Tuesday, March 21, 2006

Failed Breakout - Hurrah!

Today was a really interesting one. The Dow pushed higher by about 50 points, started weakening, and never looked back. It wasn't a collapse by any stretch - - the Dow closed down 39 points - - but this kind of "pop and drop" day is wonderful, particularly since it's demoralizing to the bulls.

Let's first look at the S&P 500 index. Take note of the blue trendline above the prices (resistance, obviously). See how the prices are progressively unable to touch (let alone cross above) the line. Finally, see how the prices give up and surrender away from this line.

The intraday chart of the Dow is similar, except this index shows more strength. In fact, it pushed itself to a new multi-year high today, only to see it exhaust itself early and start the descent.

The longer-term view is what really counts. Below is a daily graph of the Dow 30 going back more than a year. As you can see, the prices did in fact move above an important resistance line a few days ago. If this line holds, it could be bullish for the market (hissss). If today's weakness follows through and pushes prices back below this resistance level, it invalidates the breakout altogether.


Des said...

Mr. Knight,

Sorry to be off topic, but I would like to once again thank you for suggesting puts on AAPL and ADSK a few weeks ago. Wonderful, wonderful stuff.


Kapil Khanna said...

If the dow breaks 10900, i will ride the bear down :).

NO DooDahs said...

I'll call it a failed breakout on the S&P when it closes below 1295. See chart.

I'll call it a bear when the S&P violates this two-and-a-half year trend line (in green).

Tim Knight said...

My pleasure, Des! Happy you made some green!

costas1966 said...

The Nasdaq is toast. Down on more that 2 billion shares after a failed break out. The S&P 500 is a different animal. It sold off right to the top of the previous resistance which avted as support to day. For the break out to faile there, it will take one more day on accelerated volume, which I think we will get it tomorrow o the day after. I suspect the bulls are running out of musical chairs.

bsi87 said...

no doodahs's charts are interesting but several things to consider. We're nearing the end of the annual seasonal effect and funds inflow. MACD on SPX weekly is diverging, lower highs each time SPX hits a high. Lowry's Paul Desmond has done top work - long story short is the number of individual stock new highs within the index deteoriates as the index hits new highs. DJIA is the easiest to do. It hit a 52 week intraday high yesterday. Only Dow stock making a new high was BA. Market is losing leaders as it moves up. May not be the time to short but it's not time to buy the dips for a buy and hold situation either. JMO.


NO DooDahs said...

bsi87, take a look at the dailies for the S&P 500. The index made three rises, one at each side of Feb, and the recent March one. Daily MACD is higher on each subsequent peak, as each peak is higher in price than the last. The daily RSI confirms, again each price peak corresponds with a higher point in the RSI.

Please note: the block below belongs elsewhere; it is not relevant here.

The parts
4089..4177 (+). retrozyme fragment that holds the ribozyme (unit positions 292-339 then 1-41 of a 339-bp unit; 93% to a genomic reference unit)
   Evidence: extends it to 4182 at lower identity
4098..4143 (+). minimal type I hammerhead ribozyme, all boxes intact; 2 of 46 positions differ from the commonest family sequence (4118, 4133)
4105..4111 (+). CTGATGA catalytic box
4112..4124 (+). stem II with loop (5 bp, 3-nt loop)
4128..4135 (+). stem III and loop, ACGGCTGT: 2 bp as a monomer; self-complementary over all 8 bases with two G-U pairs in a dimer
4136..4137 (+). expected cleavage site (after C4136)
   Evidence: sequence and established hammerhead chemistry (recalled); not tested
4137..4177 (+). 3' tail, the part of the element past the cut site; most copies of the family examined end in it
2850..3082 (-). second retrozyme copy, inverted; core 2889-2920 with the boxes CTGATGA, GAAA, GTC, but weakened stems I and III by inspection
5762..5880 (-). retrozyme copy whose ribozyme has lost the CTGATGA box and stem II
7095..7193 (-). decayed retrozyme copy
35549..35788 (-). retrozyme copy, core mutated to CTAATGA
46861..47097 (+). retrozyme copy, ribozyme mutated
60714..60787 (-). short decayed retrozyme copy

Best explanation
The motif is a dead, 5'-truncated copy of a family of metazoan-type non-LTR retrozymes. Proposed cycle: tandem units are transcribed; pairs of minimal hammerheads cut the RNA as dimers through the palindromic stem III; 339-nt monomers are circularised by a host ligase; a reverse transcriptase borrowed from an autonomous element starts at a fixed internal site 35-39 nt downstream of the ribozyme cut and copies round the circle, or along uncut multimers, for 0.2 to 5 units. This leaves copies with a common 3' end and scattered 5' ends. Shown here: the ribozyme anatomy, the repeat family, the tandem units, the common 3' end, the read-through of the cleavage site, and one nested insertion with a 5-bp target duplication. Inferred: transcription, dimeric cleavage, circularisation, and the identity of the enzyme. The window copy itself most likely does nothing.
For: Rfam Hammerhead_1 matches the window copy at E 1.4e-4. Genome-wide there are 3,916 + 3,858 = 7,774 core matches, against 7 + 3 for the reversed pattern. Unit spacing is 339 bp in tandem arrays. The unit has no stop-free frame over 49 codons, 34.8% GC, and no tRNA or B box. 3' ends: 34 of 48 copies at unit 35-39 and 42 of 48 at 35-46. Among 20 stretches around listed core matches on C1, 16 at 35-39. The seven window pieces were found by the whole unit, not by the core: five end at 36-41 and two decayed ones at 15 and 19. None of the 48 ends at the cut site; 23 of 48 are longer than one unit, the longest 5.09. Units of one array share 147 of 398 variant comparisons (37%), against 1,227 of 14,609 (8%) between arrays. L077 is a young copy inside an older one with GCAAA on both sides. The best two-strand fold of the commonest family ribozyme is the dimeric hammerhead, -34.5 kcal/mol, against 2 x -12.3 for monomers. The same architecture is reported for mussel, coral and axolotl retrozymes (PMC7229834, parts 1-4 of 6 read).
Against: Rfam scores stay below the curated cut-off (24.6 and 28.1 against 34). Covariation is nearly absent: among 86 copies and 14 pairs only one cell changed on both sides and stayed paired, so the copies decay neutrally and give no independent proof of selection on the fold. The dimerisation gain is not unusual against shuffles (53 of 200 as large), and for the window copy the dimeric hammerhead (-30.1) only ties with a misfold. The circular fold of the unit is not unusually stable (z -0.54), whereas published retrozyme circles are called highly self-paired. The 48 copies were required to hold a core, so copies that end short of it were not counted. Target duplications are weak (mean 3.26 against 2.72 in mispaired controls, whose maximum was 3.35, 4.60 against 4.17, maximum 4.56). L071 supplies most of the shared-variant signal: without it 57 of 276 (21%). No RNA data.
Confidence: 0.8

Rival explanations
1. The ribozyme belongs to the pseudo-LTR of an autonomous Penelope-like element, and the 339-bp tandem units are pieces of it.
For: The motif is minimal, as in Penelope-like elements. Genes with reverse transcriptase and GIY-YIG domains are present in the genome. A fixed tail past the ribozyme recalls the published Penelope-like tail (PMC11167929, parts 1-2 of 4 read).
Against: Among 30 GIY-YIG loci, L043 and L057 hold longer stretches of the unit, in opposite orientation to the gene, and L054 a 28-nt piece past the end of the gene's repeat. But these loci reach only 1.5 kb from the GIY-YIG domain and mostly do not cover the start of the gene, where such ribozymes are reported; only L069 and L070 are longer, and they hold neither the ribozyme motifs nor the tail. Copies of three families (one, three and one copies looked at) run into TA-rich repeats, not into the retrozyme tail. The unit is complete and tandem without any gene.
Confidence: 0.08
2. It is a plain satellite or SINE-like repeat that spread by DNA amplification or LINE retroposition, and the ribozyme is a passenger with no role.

Check out http://stockcharts.com/def/servlet/SC.web?c=$INDU and http://finance.yahoo.com/q/cp?s=%5EDJI. 24 advancers to 6 decliners in the Dow, with 7 up more than 1% vs. 2 down more than 1%. That's a pretty broad advance, just about every market was 2 to 1 advancers.

I disagree about the importance of new individual highs being a sign of a healthy advance for an index high. Actually, a strong number of individual highs means that the advance is weak, and is carried by a small number of stocks. When the index is zooming to new highs, and the number of individual highs is small, that must mean that very few of the members are showing extraordinary weakness, and that the index is advancing broadly.

I have outlined in my previous charts and on my blog the points at which I will re-evaluate my bullish stance; have you drawn the line in the sand, that if the market crosses it, you will re-evaluate your bearish stance?

bsi87 said...


if you look at the weeklies re SPX, the MACD looks like a pimple on an elephant's rear. ADX shows a nontrending situation in most indices so trending indicators like RSI and MACD aren't much use esp on ST time frames.

Volumes are weak on the weeklies, up on down weeks and down on up weeks.

re: new highs. Take it up with Paul Desmond, I'm quoting his work.

A top is a process, not an event, so I'm maintaining a short position but trading long a few individual stocks that have been kicked to the curb.

The seasonality effect is running out shortly.

We disagree but the question is are you prepared should something go abruptly wrong with your bullish scenario?

NO DooDahs said...

If (and I do mean IF) the various support levels are violated, I'll be jettisoning my weakest investments and actively trolling for stocks to short.

Until that time, I'm all in and all long, except for the occasional short that falls in my lap.

Tim was kind enough to state the levels at which he'd re-evaluate, and I have done so as well. bsi, what level (if any) would the index have to hit to convert you (even temporarily) to bullishness?